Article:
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When words fail

Ignore the title, with its subliminal echoes of Mills & Boon.

5 May 2010

12:00 AM

5 May 2010

12:00 AM

The Memory of Love Aminatta Forna

Bloomsbury, pp.464, 17.99

Ignore the title, with its subliminal echoes of Mills & Boon. Aminatta Forna’s magnificent second novel is not really about love. Its themes are far grittier, and all the more compelling for it: war, loss, and how a society emerging from civil strife must reinvent its own history, fabricating a tolerable narrative in order to remain semi sane.

The country in question is Sierra Leone. Its charming capital, Freetown, dotted anomalously with chimney-potted villas recalling an era when this was a British colony, is framed by green hills which tumble into a beach-fringed sea. It doesn’t attract many tourists, though. For Sierra Leone has in recent decades proved a rich source of the nightmarish images that make more stable societies blench: drugged-up rebel forces, conscience-free child fighters, the casual amputations of civilian hands and feet.

Adrian Lockheart, a British psychologist suffering from professional and personal aimlessness, relocates to Freetown. There, he befriends Kai Mansaray, a driven local surgeon, and becomes de facto father confessor to Elias Cole, a history professor whose lungs are gradually giving way.

Adrian takes a while to warm up to the country, much like the narrative itself — this was the one segment of the book where I felt some pruning might have been in order. But as this diffident Brit is sucked in, falling in love with the inscrutable Mamakay, picking clumsily at the mental scabs of his patients, struggling to discern the outlines of past events, Forna’s narrative takes hold.

Why does one of his female patients periodically lose her mind and go on long, seemingly aimless walks across the countryside? What explains Kai’s phobia about the main bridge out of town? Why does another patient become hysterical at the smell of roasting meat? Why does Mamakay so despise her father, Adrian’s dying professor friend?


All the key actors, it emerges, are wrestling with past horrors. Elias is the man who allowed a great evil to take place by dint of doing nothing — he has been a supine collaborator with the authoritarian regime which eventually paved the way for the rebel uprising. Kai is haunted by a terrible day when those rebel forces played with him and a pretty nurse as sadistically as a cat with a dying mouse.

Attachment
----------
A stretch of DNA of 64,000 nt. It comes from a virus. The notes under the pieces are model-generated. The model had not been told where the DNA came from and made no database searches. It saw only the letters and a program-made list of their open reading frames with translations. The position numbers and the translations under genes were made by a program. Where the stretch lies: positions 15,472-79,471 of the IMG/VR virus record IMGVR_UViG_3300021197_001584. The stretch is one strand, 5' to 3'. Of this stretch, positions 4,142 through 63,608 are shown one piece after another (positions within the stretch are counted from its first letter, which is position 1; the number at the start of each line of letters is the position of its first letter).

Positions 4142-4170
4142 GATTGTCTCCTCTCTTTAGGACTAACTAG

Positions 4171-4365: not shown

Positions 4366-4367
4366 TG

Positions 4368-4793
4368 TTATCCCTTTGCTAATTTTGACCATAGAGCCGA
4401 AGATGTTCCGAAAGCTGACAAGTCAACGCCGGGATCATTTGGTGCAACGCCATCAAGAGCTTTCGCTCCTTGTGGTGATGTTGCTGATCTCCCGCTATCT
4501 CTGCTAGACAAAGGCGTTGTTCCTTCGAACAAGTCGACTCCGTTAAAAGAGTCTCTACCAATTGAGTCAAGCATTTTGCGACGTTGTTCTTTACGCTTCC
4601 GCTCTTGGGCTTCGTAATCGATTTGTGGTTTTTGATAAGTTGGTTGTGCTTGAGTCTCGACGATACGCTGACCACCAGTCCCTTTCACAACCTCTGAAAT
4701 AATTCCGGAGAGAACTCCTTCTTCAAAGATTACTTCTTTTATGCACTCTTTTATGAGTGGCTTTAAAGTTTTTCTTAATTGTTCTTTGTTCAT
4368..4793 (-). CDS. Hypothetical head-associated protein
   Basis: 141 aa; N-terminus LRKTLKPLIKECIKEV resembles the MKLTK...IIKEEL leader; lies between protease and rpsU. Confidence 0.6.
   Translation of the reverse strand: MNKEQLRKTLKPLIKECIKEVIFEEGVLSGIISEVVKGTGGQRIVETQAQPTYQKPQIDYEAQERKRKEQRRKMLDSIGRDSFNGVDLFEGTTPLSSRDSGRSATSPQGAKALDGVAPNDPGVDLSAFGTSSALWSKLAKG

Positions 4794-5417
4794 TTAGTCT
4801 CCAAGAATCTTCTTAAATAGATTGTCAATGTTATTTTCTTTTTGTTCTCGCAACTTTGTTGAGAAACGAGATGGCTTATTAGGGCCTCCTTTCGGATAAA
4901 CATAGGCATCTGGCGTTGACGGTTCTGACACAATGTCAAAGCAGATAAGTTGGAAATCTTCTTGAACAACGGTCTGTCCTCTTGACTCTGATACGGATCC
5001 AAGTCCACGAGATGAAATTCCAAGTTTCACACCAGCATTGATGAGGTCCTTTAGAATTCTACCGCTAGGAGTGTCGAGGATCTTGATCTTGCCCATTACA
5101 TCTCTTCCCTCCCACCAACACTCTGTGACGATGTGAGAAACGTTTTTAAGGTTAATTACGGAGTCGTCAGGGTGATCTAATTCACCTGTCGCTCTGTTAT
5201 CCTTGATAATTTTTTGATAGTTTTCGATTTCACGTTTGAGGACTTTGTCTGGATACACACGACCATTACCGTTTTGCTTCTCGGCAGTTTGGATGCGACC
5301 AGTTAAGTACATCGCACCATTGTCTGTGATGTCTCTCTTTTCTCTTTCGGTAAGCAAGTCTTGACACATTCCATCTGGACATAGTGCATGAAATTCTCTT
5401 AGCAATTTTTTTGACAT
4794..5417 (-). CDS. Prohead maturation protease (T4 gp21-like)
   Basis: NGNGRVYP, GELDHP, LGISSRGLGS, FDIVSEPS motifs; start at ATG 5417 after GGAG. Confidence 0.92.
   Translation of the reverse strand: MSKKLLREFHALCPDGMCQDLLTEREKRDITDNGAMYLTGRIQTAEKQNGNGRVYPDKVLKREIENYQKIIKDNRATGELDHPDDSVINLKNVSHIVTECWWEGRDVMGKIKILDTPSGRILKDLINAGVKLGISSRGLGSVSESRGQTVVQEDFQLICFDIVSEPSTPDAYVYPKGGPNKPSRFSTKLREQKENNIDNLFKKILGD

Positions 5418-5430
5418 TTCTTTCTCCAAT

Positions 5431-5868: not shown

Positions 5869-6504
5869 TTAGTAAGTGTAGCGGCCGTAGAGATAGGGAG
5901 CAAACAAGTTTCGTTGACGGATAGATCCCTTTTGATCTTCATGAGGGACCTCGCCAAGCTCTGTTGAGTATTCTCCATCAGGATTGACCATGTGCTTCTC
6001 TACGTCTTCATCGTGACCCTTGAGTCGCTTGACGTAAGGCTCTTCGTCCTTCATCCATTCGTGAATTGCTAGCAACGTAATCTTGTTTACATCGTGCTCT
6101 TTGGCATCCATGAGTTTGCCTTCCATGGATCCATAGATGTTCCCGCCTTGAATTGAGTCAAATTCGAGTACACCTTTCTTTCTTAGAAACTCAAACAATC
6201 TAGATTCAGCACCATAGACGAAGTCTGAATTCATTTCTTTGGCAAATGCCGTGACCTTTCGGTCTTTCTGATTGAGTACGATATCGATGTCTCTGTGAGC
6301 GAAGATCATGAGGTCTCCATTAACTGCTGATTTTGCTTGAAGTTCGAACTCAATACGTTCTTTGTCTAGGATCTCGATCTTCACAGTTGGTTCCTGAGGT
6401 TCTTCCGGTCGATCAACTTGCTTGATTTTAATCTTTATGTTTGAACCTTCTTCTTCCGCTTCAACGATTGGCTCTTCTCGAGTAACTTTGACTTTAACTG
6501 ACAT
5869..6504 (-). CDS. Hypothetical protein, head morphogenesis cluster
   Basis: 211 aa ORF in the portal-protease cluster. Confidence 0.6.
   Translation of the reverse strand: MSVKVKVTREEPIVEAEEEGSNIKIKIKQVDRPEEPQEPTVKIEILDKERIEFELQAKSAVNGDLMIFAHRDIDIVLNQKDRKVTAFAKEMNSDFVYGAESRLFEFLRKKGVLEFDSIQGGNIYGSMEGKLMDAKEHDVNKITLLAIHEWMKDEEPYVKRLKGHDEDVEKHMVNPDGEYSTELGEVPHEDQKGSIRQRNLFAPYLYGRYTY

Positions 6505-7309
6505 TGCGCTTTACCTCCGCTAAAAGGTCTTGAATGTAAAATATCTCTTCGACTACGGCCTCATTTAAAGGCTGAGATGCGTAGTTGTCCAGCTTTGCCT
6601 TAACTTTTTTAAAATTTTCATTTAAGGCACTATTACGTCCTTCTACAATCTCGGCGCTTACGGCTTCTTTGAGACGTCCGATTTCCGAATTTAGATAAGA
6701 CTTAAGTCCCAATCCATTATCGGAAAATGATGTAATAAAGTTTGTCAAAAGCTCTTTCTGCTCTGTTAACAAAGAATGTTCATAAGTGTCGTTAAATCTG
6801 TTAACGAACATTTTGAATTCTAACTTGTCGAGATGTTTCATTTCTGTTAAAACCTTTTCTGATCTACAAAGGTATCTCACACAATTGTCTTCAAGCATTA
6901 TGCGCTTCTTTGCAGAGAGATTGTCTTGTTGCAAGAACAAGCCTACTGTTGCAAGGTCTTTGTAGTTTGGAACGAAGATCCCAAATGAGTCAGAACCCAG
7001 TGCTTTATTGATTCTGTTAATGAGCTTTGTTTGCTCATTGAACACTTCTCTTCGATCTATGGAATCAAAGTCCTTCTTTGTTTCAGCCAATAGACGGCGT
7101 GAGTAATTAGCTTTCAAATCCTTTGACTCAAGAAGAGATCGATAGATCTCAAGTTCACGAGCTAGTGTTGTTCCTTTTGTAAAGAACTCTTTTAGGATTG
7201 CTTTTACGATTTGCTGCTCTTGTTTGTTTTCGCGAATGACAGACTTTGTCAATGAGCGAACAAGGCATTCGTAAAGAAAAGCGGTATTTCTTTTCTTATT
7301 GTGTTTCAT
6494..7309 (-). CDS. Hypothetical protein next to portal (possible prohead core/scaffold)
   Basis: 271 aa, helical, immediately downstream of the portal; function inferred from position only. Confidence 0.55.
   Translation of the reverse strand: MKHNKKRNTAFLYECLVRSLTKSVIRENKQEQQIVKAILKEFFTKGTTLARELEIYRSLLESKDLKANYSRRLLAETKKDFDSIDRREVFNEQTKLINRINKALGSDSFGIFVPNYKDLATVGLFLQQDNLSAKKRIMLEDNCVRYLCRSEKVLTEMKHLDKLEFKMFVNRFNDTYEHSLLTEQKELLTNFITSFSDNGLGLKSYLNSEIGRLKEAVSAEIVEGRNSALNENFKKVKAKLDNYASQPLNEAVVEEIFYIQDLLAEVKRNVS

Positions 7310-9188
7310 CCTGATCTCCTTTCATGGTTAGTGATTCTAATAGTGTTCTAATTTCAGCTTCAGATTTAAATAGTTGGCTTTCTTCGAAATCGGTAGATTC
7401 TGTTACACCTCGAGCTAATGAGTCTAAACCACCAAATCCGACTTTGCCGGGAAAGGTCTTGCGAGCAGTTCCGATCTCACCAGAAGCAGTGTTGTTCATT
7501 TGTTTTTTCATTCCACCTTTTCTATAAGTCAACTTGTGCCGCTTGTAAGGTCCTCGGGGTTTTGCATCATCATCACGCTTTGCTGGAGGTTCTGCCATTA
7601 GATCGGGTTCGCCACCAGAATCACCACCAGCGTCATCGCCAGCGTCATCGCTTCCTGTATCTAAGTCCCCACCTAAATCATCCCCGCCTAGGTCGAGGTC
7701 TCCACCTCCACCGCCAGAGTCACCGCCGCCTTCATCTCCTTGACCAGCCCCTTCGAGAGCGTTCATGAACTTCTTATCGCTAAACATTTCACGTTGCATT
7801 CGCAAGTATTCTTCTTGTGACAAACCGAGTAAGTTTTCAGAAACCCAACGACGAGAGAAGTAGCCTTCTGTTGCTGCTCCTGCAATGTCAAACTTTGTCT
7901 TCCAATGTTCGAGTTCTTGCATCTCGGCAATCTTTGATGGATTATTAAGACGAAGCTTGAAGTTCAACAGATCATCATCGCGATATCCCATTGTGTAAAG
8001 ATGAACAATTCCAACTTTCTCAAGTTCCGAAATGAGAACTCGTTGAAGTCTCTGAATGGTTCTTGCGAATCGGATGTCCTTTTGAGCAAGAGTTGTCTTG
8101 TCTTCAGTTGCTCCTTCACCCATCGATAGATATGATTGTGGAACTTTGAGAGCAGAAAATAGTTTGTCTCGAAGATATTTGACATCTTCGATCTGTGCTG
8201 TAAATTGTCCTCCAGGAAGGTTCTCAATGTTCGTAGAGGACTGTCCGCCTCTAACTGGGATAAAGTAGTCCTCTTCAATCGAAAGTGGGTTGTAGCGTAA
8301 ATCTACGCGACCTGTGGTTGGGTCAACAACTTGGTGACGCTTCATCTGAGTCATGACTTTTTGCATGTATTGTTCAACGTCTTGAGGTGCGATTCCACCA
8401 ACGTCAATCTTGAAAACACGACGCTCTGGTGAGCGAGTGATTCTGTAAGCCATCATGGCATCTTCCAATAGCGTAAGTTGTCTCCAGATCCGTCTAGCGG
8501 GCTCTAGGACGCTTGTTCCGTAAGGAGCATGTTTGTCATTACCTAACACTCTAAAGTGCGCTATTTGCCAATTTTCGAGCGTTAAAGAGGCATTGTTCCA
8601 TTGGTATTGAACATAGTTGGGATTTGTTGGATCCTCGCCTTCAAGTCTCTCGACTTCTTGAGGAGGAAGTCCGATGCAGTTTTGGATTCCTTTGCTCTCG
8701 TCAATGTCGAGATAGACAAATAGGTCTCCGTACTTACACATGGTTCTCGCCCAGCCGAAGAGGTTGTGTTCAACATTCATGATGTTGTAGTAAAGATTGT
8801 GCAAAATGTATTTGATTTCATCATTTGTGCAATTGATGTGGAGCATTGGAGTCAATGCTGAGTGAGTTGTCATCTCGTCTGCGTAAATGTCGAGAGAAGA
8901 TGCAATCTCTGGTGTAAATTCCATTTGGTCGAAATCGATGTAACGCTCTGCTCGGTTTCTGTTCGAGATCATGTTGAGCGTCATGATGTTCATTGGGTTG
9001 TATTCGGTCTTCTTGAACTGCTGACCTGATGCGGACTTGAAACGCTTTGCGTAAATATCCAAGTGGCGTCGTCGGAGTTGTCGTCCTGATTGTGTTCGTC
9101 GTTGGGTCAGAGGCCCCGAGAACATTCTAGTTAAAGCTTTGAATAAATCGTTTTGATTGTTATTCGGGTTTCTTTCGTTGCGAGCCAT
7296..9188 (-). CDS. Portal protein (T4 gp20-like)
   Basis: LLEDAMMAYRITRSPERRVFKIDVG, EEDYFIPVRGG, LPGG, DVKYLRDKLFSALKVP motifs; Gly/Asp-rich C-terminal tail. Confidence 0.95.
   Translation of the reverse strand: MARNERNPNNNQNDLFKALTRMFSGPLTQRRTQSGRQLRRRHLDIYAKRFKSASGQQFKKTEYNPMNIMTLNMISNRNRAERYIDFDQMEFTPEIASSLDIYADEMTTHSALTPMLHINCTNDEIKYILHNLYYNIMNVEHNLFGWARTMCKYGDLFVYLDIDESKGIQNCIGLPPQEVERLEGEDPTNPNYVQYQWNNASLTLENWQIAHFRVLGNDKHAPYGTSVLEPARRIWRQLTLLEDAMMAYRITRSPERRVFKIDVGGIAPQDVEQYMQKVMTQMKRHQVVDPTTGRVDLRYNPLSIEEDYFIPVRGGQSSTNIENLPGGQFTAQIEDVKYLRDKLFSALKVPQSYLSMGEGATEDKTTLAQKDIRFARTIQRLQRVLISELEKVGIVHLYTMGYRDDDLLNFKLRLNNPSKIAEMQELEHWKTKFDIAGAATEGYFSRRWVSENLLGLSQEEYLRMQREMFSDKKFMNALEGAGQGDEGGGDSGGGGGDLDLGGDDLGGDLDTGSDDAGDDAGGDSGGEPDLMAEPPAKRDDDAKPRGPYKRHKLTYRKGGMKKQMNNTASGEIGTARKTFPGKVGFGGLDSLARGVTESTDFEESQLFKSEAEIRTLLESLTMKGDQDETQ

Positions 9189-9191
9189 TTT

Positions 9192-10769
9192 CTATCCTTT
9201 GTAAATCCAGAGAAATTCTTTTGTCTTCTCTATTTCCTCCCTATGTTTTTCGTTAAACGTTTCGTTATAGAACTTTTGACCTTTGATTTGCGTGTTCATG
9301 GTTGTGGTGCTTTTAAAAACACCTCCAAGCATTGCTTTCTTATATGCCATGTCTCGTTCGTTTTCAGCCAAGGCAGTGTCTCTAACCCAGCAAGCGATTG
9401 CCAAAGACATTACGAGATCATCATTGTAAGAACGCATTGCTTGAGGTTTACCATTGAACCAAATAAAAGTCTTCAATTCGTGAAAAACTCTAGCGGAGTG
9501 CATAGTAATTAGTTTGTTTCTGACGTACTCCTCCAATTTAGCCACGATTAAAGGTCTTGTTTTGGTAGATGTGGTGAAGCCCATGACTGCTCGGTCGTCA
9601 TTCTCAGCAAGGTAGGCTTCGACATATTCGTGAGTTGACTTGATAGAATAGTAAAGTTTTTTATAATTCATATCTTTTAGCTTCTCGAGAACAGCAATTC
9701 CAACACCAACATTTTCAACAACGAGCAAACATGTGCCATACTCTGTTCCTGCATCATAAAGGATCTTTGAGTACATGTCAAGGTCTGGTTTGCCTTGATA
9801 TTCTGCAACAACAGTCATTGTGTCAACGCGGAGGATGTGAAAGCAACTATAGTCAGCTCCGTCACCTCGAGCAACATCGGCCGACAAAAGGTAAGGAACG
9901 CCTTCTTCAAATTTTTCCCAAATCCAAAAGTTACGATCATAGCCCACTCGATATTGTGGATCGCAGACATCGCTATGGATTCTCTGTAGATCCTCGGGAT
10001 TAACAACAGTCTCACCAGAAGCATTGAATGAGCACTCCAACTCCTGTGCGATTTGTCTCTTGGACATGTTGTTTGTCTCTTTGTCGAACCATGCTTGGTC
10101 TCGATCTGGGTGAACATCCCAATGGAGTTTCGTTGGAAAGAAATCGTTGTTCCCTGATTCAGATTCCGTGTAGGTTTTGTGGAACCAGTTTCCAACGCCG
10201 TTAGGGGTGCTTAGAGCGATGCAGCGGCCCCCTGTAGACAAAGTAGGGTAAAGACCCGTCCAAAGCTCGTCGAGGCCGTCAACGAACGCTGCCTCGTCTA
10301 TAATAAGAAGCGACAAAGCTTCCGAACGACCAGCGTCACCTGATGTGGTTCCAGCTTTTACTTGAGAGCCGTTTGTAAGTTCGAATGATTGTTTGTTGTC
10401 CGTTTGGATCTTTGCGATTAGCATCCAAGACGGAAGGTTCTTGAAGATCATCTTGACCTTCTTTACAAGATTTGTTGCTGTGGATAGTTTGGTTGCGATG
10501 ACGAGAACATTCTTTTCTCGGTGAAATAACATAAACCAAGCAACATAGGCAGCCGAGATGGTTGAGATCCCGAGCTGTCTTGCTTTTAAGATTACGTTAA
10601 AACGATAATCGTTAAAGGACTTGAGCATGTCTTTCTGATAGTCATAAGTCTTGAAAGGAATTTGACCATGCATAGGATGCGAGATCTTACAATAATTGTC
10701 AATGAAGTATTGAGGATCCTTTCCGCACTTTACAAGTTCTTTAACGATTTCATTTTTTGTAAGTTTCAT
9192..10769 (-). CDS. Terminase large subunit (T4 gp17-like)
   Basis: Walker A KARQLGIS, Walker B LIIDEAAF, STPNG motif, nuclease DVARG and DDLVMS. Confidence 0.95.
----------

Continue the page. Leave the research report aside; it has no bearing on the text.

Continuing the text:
Slowly, the psychologist realises that for many of his patients, his talking cures are worse than useless. Of what use is the frank discussion, the ritual unburdening that has become the touchstone of our modern, blabby society to a parent whose pretty daughter has unwittingly married the enemy?

Worse than that, supposed confessionals can be used, as in Elias’ case, to manipulate the facts, turning a past in which he cravenly lusted after and eventually won a more charismatic university colleague’s widow, into something much more palatable.

‘It’s happening all over the country,’ Mamakay explains.

People are blotting out what happened, fiddling with the truth, creating their own version of events to fill in the blanks. A version of the truth which puts them in a good light, that wipes out whatever they did or failed to do and makes certain none of them will be blamed.

Forna, who was 11 when her father, a former finance minister, was hanged by the administration of Siaka Stevens, has experienced both loss and betrayal, and that knowledge has given her a unique insight into the nature of compromise. She has the rare gift of being simultaneously both clear-eyed and compassionate towards her characters. There are moments where the plot twists felt a little too neat and one momentarily catches a glimpse of the author’s hand twitching the strings. But this feels like a trivial quibble given the sheer emotional power of the resulting tale.

She also has a real gift for natural description, and one of the delights of this book is the tangible sense it offers of one of Africa’s most beautiful countries, where the wild orchids, rolling surf and bobbing sandpipers serve as constant mockery of human confusion.

If West Africa has lived through some of the most grotesque episodes of the 20th century, it has also been blessed with several generations of extraordinary writing talents who continue to turn those ordeals into heart-rending literature. Chimamanda Ngozi Adichie is rightly celebrated for playing that role in Nigeria. With this book, Aminatta Forna shows she deserves to be included in that same category.

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